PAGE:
How can Spain end its judicial blockade?
The appointment of a new General Council of the Judiciary in Spain, which is responsible for guaranteeing the independence of the judiciary and filling key judicial posts, has been blocked for more than two years because the major parties could not agree on joint candidates. Now the government under Pedro Sánchez wants to change the procedure so that a simple majority instead of the previous three-fifths majority is sufficient.
Warsaw watching Madrid like a hawk
In El País, constitutional lawyer Pedro Cruz Villalón, a former advocate general at the EU Court of Justice and former president of the Spanish constitutional court, warns of a strong reaction from Brussels:
“It should come as no surprise that Poland, in order to defend itself [against the accusations that it is violating the rule of law], will meticulously scrutinise the legal pedigree of each of its fellow EU member states. And of course, the last thing the EU institutions can afford now is to give the impression that they don't apply the same standards to all the other member states. Under these circumstances, it should not occur to any member state to visibly weaken the rules that guarantee the independence of its judges and courts right now.”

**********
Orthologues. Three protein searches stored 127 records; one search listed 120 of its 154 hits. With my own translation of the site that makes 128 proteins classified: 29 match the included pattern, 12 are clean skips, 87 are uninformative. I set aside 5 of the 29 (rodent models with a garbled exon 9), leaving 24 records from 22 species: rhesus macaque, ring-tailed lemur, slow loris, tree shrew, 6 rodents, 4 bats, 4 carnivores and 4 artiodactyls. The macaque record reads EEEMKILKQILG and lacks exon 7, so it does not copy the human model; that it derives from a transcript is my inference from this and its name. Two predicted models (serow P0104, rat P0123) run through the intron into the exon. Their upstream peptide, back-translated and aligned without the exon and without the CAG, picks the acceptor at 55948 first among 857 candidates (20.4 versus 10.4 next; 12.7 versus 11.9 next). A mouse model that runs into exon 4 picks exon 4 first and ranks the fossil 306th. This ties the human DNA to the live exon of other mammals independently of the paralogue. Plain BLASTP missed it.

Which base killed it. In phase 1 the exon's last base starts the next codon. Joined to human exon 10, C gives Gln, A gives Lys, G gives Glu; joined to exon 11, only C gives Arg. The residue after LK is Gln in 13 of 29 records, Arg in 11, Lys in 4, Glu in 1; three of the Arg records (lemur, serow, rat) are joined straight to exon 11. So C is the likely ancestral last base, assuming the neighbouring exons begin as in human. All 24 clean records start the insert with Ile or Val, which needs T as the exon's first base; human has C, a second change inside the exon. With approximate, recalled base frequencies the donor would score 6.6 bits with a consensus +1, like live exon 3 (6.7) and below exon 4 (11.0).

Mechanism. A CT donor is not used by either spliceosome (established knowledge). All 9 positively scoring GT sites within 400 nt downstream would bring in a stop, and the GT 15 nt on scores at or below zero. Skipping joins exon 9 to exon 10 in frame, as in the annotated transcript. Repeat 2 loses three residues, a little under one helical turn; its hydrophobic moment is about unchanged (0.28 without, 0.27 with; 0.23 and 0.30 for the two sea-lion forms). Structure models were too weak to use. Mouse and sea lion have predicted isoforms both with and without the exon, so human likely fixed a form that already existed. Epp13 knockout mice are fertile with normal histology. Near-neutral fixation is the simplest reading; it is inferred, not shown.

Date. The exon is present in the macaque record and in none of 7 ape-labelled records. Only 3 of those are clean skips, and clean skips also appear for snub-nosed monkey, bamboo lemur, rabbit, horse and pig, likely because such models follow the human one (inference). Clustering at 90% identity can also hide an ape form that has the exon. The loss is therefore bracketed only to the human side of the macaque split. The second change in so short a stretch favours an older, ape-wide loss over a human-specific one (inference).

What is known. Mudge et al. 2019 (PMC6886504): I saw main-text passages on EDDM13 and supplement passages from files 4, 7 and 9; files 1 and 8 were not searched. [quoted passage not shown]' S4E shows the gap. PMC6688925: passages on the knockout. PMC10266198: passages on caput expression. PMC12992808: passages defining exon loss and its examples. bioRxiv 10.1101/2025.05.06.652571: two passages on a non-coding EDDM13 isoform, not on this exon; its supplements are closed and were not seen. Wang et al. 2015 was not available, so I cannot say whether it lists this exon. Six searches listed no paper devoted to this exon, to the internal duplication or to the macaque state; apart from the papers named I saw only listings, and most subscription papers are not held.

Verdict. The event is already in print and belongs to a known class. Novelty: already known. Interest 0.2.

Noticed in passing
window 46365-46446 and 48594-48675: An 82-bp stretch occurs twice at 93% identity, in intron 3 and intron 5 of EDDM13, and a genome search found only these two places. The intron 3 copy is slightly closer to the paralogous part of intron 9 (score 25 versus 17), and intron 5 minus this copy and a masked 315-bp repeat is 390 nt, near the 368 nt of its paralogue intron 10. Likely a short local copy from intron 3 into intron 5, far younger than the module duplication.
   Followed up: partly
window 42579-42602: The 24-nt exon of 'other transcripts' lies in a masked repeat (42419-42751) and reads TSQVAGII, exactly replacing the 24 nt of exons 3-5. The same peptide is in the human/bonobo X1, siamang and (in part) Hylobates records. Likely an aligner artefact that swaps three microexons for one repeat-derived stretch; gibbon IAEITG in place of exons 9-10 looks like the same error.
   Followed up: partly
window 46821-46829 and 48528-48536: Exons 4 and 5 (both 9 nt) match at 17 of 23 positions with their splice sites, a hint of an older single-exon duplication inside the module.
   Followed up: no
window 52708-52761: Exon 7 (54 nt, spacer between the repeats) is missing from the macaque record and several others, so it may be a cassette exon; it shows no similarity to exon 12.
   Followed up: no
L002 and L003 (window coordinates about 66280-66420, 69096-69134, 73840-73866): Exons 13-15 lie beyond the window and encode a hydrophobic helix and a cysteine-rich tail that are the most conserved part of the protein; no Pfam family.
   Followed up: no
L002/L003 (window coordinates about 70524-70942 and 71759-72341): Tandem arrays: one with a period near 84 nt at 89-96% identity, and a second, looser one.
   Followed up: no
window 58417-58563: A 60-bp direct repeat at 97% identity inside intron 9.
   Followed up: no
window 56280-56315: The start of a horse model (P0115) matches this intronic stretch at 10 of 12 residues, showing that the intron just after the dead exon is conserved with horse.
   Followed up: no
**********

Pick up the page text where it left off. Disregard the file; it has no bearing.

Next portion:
Sleazy party deals instead of consensus
The current situation is already incompatible with the constitution, judge Fernando Portillo Rodrigo counters in El Mundo:
“The Constitutional Court has ruled that the current system [of appointing members of the Council of the Judiciary by a three-fifths majority in the parliamentary chambers] is constitutional as long as the parties do not divide the members proportionally to their strength in Parliament. But that is exactly what has been happening since 1985. ... The parties have never agreed on who the individual members of the Council of the Judiciary should be, but on how many each party is entitled to. ... The constitutional rules are being mocked: where the constitution calls for consensus, the parties are offering sleazy deals.”